| The Marine Department today (October 17)
issued the following information brief on the Hong Kong Maritime
Rescue Coordination Centre (MRCC).
MRCC is responsible for coordinating all maritime search and
rescue (SAR) missions in international waters of the South China
Sea, North of Latitude 10 degrees North and West of Longitude
120 degrees East.
In response to the report of a suspected or actual distress
situation of a vessel, Hong Kong MRCC will initiate a series of
basic rescue control and co-ordination functions. Initially the
centre will investigate and verify the reported distress to determine
if an SAR response is needed. If the need is validated, efforts
will be directed towards determining the type of assistance required,
taking into consideration such variables as the nature of the
distress, and the availability of SAR resources.
Once the need for an SAR response has been verified and the
type of response selected, an SAR plan will be developed. MRCC
officers will then co-ordinate SAR resources to execute the SAR
plan. They will be fully engaged in tracking the progress of each
resource responding to the mission, updating participants on any
changes to the distress situation, coordinating support requirements
and documenting all activities associated with the mission. When
all rescue activities have terminated, a report on the mission
will be submitted to the Director of Marine.
Hong Kong MRCC neither possesses nor has direct command over
SAR resources. The role of Hong Kong MRCC is to co-ordinate all
available SAR resources to perform a maritime search and rescue
For SAR cases within Hong Kong waters, Hong Kong MRCC will draw
resources from Government Flying Service (GFS), Hong Kong Marine
Police (Marpol) and Fire Services Department (FSD).
For help in the distant parts of our Search and Rescue Region
where Hong Kong Government resources cannot reach, the Hong Kong
MRCC will rely upon the assistance of merchant ships and fishing
vessels in the vicinity of the distress. Sometimes, according
to prevailing situation, resources of other governments, such
as Vietnam, the Philippines and Mainland China, would also be
solicited to render assistance.
HK MRCC operates 24 hours a day with a Marine Officer, a Marine
Inspector and a GMDSS Operator on duty all the time. All the Marine
Officers in the MRCC are qualified Master Mariners, who have undergone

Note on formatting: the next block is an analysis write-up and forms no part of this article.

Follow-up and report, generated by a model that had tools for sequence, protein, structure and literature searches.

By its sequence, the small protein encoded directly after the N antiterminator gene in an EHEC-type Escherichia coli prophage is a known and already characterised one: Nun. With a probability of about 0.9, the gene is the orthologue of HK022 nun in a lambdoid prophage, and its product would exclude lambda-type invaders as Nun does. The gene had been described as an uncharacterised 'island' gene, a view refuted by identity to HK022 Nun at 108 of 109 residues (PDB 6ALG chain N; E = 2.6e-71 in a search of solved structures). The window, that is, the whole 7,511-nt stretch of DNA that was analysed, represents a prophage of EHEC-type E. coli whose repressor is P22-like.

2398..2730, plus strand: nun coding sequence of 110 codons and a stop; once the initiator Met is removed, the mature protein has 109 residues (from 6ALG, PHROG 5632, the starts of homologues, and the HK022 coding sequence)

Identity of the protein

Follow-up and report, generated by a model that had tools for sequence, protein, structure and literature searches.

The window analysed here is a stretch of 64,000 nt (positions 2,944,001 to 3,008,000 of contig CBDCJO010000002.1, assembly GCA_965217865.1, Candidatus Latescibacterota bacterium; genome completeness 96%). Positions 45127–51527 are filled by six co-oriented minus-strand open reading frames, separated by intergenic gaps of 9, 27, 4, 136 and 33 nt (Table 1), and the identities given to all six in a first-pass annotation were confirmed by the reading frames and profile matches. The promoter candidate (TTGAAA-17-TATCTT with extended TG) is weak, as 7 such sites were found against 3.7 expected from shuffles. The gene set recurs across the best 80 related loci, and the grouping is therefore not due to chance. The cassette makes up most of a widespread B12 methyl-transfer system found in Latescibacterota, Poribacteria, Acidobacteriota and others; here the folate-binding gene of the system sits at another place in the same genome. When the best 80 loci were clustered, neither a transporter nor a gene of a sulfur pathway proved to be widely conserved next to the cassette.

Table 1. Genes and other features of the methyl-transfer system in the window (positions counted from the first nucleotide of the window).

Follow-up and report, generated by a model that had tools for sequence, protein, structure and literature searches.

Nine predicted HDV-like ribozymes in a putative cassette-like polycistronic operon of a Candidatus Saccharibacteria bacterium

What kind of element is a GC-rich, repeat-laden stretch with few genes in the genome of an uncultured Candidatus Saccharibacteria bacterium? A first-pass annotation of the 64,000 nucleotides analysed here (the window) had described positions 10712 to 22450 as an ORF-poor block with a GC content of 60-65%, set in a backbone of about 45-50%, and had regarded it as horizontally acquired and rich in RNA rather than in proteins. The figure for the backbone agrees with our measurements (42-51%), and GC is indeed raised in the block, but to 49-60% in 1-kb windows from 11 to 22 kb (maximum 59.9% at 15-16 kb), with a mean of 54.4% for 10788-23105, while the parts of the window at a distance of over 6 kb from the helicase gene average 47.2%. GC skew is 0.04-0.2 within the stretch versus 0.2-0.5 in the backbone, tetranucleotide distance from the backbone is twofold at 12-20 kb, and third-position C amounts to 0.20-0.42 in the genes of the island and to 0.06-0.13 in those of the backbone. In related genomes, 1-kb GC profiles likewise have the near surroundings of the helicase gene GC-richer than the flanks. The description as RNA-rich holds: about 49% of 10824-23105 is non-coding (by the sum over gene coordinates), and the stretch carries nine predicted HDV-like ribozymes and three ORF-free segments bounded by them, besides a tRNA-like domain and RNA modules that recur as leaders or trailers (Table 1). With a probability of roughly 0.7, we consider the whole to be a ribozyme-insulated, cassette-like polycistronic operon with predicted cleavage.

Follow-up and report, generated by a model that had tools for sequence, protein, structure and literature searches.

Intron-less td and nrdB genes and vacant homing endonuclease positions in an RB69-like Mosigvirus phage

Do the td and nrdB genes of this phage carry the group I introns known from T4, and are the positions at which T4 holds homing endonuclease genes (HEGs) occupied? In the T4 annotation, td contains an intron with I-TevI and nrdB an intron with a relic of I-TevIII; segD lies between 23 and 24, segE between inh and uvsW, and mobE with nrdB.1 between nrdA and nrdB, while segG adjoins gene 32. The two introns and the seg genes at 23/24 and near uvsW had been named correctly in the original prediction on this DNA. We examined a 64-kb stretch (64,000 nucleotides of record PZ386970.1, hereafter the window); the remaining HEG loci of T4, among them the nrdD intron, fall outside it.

intensive training in Search and Rescue techniques.
Hong Kong MRCC is equipped with advanced Global Maritime Distress
and Safety System (GMDSS), comprising of:
* Search and Rescue Satellite Tracking System - for detecting
distress signals emitted from a ship's Emergency Position Indicating
Radio Beacon (EPIRB);
* Digital Selective Calling (DSC) System - for receiving distress
signals generated from a ship's DSC;
* High-powered radio transceivers, telex, marine VHF and Inmarsat
telephone and facsimile, etc.
Hong Kong MRCC is also equipped with many direct lines or "hotline"
telephones to agencies that can support SAR operations. The hotlines,
for example, link to the control rooms of Marine Police, the Air
Traffic Control at Chek Lap Kok, Government Flying Service, Fire
Services Department and the Coast Radio Station at Tsim Sha Tsui.
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Hong Kong MRCC maintains very good working relationships with
other rescue centres in the region. These centres include the
Guangdong RCC, Beijing RCC, Taipei RCC, Ho Chi Minh RCC, Japan
Coast Guard, Philippine Coast Guard, and the USA Coast Guard.
Other SAR Contributions:
In recognition of Hong Kong's expertise in maritime SAR matters,
Hong Kong was nominated by the International Maritime Organization
(IMO) to be a member of the working group jointly operated by
IMO and the International Civil Aviation Organization to discuss
the harmonization of maritime and aeronautical search and rescue
Tuesday, October 17, 2000